The first two clauses of the First Amendment to the Constitution of the United States of America reads: “Congress shall make no law respecting the establishment of religion or prohibiting the free exercise thereof.” This seems like a simple statement and when read in its historical context the original intent seems quite clear. The European conquerors that were establishing their new outposts on the soil of the Apache and Navaho all came from “Christian” countries where certain brands of Christianity were fused with state identity.
Recently, in response to a statement about the commonality of the gospel amongst different denominations or groups of Christians someone said to me – “To be honest with you I could not disagree more. It is the Gospel that separates us (SDA) from other denomination's "gospel." Our (SDA) doctrines define the Gospel for us, they cannot be separated from the Gospel. Any deviation from sound doctrine is not the Gospel at all it's a false gospel.”
This happened about 25 years ago, when I was still a young pastor. We’d just placed a new member, a Certified Public Accountant, on the congregation’s finance committee. One of the items on the agenda was how we could build up the lagging local church budget. I remember the new committee member said, after his first quick glance at the financial statement, “I don’t know what the problem is. This shows we received a lot of tithe.” The rest of us quickly explained his misunderstanding. “Wait a minute,” he said.
When she spoke, silence overpowered the atmosphere. When she spoke, her spellbound audiences voluntarily surrendered to her hypnotically cadenced and carefully crafted words. When she spoke, sympathizers and critics alike could not help but marvel at her ability to be heard. When she spoke, her probing and penetrating prose proposed powerful potions for improving pressing problems. When she spoke, her unique experience shaped her calm and collected countenance that had countered countless calamities. But she had not always spoken so effectively.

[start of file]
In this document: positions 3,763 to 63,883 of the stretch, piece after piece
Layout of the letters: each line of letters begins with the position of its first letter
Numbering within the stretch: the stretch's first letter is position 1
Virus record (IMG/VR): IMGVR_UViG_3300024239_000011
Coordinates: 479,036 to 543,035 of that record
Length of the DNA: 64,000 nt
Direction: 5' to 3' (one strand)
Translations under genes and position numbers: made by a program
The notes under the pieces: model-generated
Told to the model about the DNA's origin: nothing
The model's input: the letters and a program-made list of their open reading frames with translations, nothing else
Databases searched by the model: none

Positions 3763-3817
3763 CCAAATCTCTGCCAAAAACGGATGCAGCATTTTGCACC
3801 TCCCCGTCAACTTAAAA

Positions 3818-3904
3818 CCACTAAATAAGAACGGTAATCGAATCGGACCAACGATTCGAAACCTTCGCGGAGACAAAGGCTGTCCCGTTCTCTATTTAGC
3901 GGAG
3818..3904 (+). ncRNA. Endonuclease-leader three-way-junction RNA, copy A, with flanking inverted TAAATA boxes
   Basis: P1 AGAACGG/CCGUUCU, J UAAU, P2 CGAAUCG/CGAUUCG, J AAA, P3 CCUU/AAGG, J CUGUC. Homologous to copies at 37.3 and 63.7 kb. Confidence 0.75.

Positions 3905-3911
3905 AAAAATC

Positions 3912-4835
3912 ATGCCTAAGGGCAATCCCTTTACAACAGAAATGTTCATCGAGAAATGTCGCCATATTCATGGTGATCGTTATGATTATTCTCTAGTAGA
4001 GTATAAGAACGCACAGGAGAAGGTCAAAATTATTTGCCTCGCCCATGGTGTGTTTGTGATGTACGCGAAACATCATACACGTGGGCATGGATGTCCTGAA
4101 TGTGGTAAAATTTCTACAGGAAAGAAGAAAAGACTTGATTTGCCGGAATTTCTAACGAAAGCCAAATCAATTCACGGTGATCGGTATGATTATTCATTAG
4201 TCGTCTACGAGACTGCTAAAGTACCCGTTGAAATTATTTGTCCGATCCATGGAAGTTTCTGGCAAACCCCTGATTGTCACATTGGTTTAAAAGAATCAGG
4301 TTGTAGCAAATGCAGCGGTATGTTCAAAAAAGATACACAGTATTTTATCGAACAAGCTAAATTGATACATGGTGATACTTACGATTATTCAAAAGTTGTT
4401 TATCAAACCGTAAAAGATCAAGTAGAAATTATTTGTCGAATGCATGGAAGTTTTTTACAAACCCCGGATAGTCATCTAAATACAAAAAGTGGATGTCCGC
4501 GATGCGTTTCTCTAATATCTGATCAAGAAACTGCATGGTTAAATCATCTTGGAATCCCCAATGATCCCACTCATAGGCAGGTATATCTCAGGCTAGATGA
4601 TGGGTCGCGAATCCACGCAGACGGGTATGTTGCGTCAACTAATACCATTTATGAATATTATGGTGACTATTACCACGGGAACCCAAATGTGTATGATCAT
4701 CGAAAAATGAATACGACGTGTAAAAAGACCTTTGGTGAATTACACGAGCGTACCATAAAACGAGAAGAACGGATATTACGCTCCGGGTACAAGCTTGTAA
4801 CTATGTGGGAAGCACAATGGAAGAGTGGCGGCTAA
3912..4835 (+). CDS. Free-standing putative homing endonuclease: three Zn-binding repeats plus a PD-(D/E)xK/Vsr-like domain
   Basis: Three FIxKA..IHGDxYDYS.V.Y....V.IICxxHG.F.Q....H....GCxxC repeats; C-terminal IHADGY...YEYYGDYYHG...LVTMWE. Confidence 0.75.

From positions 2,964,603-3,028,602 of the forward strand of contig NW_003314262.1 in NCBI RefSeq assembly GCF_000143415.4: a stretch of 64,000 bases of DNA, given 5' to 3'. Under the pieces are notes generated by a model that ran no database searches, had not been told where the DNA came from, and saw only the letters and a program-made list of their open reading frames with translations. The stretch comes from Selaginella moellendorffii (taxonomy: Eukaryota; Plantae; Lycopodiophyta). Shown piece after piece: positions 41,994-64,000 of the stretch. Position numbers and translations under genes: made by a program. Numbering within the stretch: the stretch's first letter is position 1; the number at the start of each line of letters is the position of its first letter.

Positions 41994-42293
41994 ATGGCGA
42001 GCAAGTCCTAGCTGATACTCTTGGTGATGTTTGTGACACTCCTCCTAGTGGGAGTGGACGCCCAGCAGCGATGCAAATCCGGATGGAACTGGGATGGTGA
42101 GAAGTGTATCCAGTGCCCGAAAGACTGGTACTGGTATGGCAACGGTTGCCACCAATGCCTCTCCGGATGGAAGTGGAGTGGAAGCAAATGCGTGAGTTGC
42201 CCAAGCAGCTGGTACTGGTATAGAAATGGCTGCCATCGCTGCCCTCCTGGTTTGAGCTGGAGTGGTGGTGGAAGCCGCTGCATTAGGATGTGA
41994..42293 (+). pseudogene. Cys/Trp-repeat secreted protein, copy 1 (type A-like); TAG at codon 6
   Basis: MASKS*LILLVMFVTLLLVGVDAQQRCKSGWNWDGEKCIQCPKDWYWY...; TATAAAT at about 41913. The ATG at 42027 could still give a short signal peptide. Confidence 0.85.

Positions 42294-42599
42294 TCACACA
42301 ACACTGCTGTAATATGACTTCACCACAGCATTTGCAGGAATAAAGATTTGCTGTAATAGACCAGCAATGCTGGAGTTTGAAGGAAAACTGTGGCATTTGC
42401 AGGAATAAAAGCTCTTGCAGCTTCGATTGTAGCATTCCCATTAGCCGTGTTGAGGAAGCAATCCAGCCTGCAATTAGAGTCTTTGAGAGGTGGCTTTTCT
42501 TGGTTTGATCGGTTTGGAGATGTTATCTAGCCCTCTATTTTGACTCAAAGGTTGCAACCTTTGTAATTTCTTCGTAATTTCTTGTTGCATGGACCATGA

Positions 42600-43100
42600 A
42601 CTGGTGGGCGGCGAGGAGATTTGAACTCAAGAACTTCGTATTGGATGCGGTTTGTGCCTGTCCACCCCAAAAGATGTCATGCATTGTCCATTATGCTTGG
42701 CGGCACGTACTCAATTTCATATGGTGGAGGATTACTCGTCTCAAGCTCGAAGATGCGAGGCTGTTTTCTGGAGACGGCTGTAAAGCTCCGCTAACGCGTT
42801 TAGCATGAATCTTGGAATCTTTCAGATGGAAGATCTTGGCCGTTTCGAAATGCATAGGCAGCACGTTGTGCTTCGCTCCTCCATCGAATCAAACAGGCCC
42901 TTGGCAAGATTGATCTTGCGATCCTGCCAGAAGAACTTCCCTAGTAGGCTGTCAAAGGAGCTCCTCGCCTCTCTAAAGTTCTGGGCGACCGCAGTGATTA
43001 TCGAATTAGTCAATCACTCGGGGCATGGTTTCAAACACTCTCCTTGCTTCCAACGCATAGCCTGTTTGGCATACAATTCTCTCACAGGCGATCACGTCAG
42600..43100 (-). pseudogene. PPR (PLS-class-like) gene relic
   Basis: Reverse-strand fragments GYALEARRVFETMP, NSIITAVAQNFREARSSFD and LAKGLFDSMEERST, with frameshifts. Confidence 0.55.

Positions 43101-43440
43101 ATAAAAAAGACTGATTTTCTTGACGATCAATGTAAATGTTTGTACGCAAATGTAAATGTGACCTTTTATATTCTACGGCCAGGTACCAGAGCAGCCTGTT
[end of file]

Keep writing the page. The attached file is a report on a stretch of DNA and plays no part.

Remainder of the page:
Sticks and Stones
“I wish that those who are troubling you would even mutilate themselves…. But each one must examine his own work, and then he will have reason for boasting in regard to himself alone, and not in regard to another. For each one will bear his own load….For those who are circumcised do not even keep the Law themselves, but they desire to have you circumcised so that they may boast in your flesh.” Gal 5:12; 6:4, 5, 13
I didn’t choose to be heterosexual. I was born this way. From the time I was old enough to notice (and taking into account that at the time I was far more interested in Lego blocks and model cars) I remember thinking little girls were incredibly charming creatures. My first real exposure to homosexuality came in college, when I had friends who I learned (probably as they were learning it themselves) had attachments to people of their own gender. This was a time when homosexuality was at last being spoken of aloud among ordinary people. It even got a friendlier, non-clinical name: gay.
With this column I conclude a threefold reflection on the SDA Church Cape Town summit on alternatives sexualities. The first presentation (Sexuality and Human Developmental Identity - Cape Town 1) approached the topic from an anthropological perspective, affirming that sexuality is a positive human problem for everybody, not just homosexuals.
Probably the most famous wolf stories originating from the West are Aesop’s “The Boy Who Cried Wolf,” and Sergei Prokoviev’s “Peter and the Wolf.” The former features an unnamed shepherd boy who repeatedly alarmed the villagers by deceitfully claiming a wolf was about to attack his sheep. On the disastrous night when a wolf did actually sneak up on his flock, the people ignored his shrieks for help until the ferocious canine silenced them.